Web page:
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Interview: October 8, 1999

October 8, 1999

TBR Reviewer Jill Zaklow dove into Faye Kellerman's novel JUPITER'S BONES with the relish of an avid fan and eagerly volunteered to do the interview. JUPITER'S BONES is the 11th book in Kellerman's popular Peter Decker and Rina Lazarus series, thrillers that always contain a family element that keeps things sizzling in and out of the Decker-Lazarus household. Find out if Kellerman will ever retire her fictional husband and wife team, the behind the scenes scoop about her own marriage (Faye is married to bestselling author Jonathan Kellerman) and more about her book JUPITER'S BONES in this interview.

TBR: Your new book JUPITER'S BONES is the 11th book you've written featuring Peter Decker and Rina Lazarus. Do you think you'll ever retire Decker, or can we expect to see him in future books? What is it that makes him and his wife Rina so appealing to your readers?

FK: I don't think I'll retire Decker as long as I can think of good stories featuring him as the protagonist. I have to make sure that he is the proper vehicle to tell my story. I think my readers related to Decker and Rina because they are real people to me. Not only do they talk to me --- tell me what to write --- but I consider them my friends as well.

TBR: You and your husband, Jonathan Kellerman, are both well known and well loved authors. What is it like to be married to a fellow writer? Do you give each other feedback on story ideas and/or your writing? Do you both have home offices?

FK: I can't talk about what it's like to be married to an "author," but I can tell you what it's like to be married to a bestseller, Jonathan Kellerman. It's great. He's my best friend and my favorite editor. But remember, he was my best friend for fifteen years before he became my editor. I think that's the key. We didn't get married as "writers." We were lovers way before Alex Delaware or Rina Lazarus was born. We never collaborate on our stories. But we do collaborate on life.

TBR: Your reoccurring main character Decker has married into an Orthodox Jewish family. Much of the plot revolves around the mystery he needs to solve, as well as religious and familial struggles. How does religion factor into your books? Into your own life?

FK: Religion is a major factor in my life. I consider myself a modern Orthodox Jewish woman with attachments to my synagogue, my children's religious school and the community at large. But Jonathan and I are also involved in other community causes, Children's Hospital of LA being a biggie. Jonathan worked there for fifteen years and it's an institution that holds a deep place in our hearts. Also, USC --- Jonathan's alma mater.

TBR: In JUPITER'S BONES, there is a lot of family angst going on --- Decker is having trouble with his teenage children, Jacob and Shayna. Have you ever considered writing straight fiction without a mystery angle?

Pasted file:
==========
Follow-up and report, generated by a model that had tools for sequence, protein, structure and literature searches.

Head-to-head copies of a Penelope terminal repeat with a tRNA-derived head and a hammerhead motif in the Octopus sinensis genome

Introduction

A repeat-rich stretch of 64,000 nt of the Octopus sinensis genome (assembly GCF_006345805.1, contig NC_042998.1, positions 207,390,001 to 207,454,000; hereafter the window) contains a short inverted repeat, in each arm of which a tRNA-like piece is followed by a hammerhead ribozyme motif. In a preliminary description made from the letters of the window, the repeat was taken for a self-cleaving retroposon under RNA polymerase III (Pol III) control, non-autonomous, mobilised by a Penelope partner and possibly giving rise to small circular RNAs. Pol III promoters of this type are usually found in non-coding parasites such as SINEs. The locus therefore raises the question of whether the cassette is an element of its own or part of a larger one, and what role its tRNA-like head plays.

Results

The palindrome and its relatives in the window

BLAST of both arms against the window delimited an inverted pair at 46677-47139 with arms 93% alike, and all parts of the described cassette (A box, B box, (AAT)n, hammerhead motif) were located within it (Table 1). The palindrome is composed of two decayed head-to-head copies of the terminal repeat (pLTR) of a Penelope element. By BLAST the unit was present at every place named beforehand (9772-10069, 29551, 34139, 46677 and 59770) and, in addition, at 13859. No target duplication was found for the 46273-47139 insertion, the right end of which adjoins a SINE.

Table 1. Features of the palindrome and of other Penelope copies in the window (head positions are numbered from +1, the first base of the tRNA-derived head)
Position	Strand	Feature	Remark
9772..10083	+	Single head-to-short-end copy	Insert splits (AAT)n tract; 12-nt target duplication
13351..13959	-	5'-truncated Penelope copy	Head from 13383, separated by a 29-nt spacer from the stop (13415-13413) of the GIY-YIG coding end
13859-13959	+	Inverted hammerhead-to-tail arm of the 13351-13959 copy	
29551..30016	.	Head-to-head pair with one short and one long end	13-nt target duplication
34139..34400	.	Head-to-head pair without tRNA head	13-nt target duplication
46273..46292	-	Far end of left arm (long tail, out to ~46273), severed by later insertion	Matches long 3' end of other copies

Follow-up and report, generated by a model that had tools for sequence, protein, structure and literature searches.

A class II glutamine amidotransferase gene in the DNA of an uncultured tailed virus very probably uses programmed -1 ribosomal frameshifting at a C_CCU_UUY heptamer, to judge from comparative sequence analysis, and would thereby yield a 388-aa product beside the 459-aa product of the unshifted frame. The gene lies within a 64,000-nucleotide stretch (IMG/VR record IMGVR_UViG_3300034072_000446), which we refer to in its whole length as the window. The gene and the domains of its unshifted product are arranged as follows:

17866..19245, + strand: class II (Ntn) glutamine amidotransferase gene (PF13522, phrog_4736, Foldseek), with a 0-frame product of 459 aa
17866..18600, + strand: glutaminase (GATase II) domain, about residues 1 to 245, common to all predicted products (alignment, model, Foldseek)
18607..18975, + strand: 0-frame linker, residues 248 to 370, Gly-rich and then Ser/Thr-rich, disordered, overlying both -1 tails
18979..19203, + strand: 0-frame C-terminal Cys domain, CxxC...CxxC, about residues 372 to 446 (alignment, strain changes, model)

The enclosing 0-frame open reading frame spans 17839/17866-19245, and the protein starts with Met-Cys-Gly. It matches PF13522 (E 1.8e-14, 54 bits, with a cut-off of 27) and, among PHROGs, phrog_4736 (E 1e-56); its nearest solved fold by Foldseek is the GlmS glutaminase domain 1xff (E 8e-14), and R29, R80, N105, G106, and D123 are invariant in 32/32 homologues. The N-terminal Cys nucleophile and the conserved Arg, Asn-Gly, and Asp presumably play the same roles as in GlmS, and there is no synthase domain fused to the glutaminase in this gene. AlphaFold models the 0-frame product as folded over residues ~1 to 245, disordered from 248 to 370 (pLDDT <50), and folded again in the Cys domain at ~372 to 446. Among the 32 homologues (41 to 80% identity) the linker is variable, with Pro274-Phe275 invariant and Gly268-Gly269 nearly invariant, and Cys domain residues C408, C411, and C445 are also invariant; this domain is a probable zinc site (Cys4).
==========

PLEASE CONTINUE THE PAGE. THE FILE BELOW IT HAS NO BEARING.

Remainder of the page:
FK: The family element in JUPITER'S BONES is something I am very proud of. I consider myself a family person with children of all ages. So I write from experience. I don't think of myself as writing mysteries. I consider myself a writer of fiction with a strong plot element. I think good books should have it all --- a riveting story peopled with characters that we care about.

TBR: The mystery in JUPITER'S BONES revolves around a Heaven's Gate-style religious cult. What do you think is the appeal of cults to certain people? What do you think about religions such as Scientology which are not cults per say, but seem to have a cult-like following?

FK: The cult in JUPITER'S BONES was largely fictitious, but it was based on elements of other cults, both small and well-known. I think cults thrive in people who feel devoid of spiritualism. I think religion thrives for that reason as well. My particular cult was nefarious because it was closed, refusing to let the insiders out and the outsiders in. The danger comes when cults are coercive. Religious freedom of the cult cannot impinge on civil rights of the individual.

TBR: What is the biggest challenge you find when beginning a new book?

FK: Starting a new book is like starting any relationship. In the beginning, it's all love, love, love. You're in love with your writing, you're in love with your characters, you're in love with your story. Then comes the middle where things get fuzzy. Just like a relationship, the hero worship is gone, and to succeed you have to work at it. Same as with a book. You have to work, work, work to pull everything together. The end is like a long-term relationship . . . like a good marriage. You know the characters, you know what's going on, you just have to slow down to prevent yourself from rushing. It's more or less like stopping and smelling the roses. Enjoy the process, not just the outcome.

TBR: What writers and books have influenced your career and your life?

FK: Some of my favorite writers are Jonathan Kellerman, Joseph Wambaugh, Raymond Chandler, Ross MacDonald, John D. MacDonald, Sue Grafton, Stephen King, Dean Koontz . . . those are the twentieth century people. Let's not forget Dumas, and Hugo and the Bronte sisters. I'm a sucker for Goth novels. There's nothing so appealing as a girl all alone in a scary house with a brooding storm over the horizon.

TBR: What advice would you give to aspiring writers?

FK: To aspiring writers, I say, "Write, write, write" as well as "read, read, read." Not just fiction, but nonfiction as well. You can never get enough information . . . so many stories out there. I just wish I had enough time.

TBR: What are your thoughts on the millennium?

FK: No thoughts on the millennium! I just want more of the same.